Surely you're all watching THE WALKING DEAD on AMC, yes?
American Movie Classics' live-action adaptation of Robert Kirkman's long-running Image Comics horror series of the same name has been getting a lot of press for the last couple weeks, thanks to its blockbuster ratings. Getting picked up for a second season after only two weeks on the air is no small feat, either.
But neither its ratings or its early pickup are the reasons you should be talking about it. THE WALKING DEAD isn't good merely by comic-book adaptation standards. It's flat-out one of the best things on television -- if you have the stomach for it, that is.
THE WALKING DEAD (both comics and television versions) tells the story of Rick Grimes, a Georgia sheriff's deputy who awakes from a coma in a deserted hospital following being shot in the line of duty, only to discover that while he was out, the zombie apocalypse has taken place, humanity is near extinction (or at least it sure seems that way), and ravenous undead flesheaters are everywhere, with a single bite transmitting the virus that will kill the victim from fever, the return them to motion (if not life) as a zombie. It's an ingenious way to bring the viewer in to the story, as you experience through Rick's eyes the realization of what has happened while he was unconscious as he slowly pieces together the horrible, hopeless reality that now lies before him. Once he gets his bearings, Rick sets off to find his missing wife and son, heading to the nearest big city, Atlanta, and boy, is that a bad idea...
Anchoring the television series is Andrew Lincoln as Rick Grimes, who plays the everyman protagonist role perfectly. He's not a superman or an action hero, just a desperate guy trying like hell to keep it together so he can find his family. Two moments from Lincoln's performance stand out for me from the first two episodes: in the first, once he's decided he needs to go to Atlanta and can't find any more gas for his truck, he sees a nearby horse in a corral, and has a heart-to-heart conversation with it before he tries to lead it out to the barn, as if, as two of the only living creatures left on the planet, he needed to make sure they were in agreement before proceeding. A small moment of humor and humanity in such a bleak world. The other moment takes place in the second episode, just after Rick has subdued a psycho racist who has been threatening a group of the only living humans he's yet encountered. Once he's handcuffed the thug to a pipe, Rick holds a gun to the the man's head and explains that he needs to get on board, that there were no color divisions anymore, only the living and the dead. The way Lincoln plays it you can tell that Rick is debating whether or not to kill the man, that he knows it would be the smartest thing to do, but he just can't bring himself to cross that line yet. A marvelously subtle performance.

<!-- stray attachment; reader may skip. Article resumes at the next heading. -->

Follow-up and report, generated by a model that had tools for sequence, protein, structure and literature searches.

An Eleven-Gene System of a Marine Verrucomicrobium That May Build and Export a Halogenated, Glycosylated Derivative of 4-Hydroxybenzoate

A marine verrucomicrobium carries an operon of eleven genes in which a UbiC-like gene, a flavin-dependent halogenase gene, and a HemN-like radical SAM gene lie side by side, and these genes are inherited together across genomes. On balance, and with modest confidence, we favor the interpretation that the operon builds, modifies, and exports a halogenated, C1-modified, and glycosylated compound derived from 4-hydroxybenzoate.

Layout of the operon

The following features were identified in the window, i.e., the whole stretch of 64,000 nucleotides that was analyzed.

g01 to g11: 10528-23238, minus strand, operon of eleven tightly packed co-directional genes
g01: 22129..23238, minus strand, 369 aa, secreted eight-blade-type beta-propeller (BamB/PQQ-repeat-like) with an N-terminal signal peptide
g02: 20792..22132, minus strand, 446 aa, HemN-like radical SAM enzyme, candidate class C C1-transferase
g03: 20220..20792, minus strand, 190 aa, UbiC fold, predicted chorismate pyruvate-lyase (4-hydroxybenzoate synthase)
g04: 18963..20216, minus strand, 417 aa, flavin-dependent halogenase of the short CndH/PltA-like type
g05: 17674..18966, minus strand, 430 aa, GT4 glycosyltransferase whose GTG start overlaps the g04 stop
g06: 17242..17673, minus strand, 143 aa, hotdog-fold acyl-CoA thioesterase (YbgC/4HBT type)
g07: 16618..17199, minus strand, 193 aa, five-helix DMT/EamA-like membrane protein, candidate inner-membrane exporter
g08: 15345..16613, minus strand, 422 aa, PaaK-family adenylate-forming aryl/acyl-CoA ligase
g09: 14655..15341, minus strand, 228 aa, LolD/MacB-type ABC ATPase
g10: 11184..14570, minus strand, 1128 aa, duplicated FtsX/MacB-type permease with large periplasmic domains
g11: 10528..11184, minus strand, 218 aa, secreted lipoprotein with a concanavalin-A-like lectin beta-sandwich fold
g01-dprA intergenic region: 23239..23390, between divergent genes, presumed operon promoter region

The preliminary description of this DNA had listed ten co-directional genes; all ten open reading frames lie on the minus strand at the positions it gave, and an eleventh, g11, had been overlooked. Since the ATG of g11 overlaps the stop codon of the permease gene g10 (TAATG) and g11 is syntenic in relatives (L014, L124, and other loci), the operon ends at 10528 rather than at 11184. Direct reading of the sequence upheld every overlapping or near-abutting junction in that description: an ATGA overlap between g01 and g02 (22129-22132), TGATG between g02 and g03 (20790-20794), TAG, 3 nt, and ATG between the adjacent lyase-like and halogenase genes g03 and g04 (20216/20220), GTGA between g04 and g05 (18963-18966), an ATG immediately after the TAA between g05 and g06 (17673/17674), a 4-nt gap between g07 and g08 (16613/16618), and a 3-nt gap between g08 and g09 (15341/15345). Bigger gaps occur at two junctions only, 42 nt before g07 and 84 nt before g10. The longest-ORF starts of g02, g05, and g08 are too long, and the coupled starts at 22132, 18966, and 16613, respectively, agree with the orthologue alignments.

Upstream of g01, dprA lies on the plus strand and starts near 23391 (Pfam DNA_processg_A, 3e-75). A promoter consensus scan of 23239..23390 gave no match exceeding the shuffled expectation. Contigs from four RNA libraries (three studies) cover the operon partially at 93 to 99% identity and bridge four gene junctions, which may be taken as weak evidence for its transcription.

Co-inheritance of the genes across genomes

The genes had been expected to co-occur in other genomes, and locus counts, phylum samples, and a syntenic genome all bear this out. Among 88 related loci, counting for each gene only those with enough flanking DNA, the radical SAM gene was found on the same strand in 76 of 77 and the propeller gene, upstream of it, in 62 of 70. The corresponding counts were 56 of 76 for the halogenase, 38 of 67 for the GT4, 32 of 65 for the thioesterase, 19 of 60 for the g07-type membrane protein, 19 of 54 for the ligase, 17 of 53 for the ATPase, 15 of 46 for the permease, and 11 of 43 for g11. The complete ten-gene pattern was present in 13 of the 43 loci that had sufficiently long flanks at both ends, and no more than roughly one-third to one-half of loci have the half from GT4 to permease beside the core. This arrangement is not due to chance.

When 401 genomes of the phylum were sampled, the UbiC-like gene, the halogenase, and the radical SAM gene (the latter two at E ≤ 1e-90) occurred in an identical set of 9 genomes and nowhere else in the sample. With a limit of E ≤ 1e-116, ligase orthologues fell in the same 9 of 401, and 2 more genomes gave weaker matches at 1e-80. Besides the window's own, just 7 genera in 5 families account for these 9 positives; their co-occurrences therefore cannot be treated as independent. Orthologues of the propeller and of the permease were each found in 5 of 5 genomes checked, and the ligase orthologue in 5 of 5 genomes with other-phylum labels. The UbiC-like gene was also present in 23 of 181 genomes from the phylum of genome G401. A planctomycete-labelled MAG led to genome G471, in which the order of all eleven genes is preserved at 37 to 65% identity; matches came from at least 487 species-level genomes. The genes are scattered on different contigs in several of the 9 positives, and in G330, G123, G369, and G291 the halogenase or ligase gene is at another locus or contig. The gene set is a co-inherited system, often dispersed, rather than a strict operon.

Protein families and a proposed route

THE WALKING DEAD airs Sunday nights at 10 on AMC. And while you're at it, pick up the first couple of trade paperbacks at your local comic shop as well. Neither will disappoint.
Scott Tipton still feels sorry for that poor horse. If you have questions about THE WALKING DEAD or comics in general, send 'em here.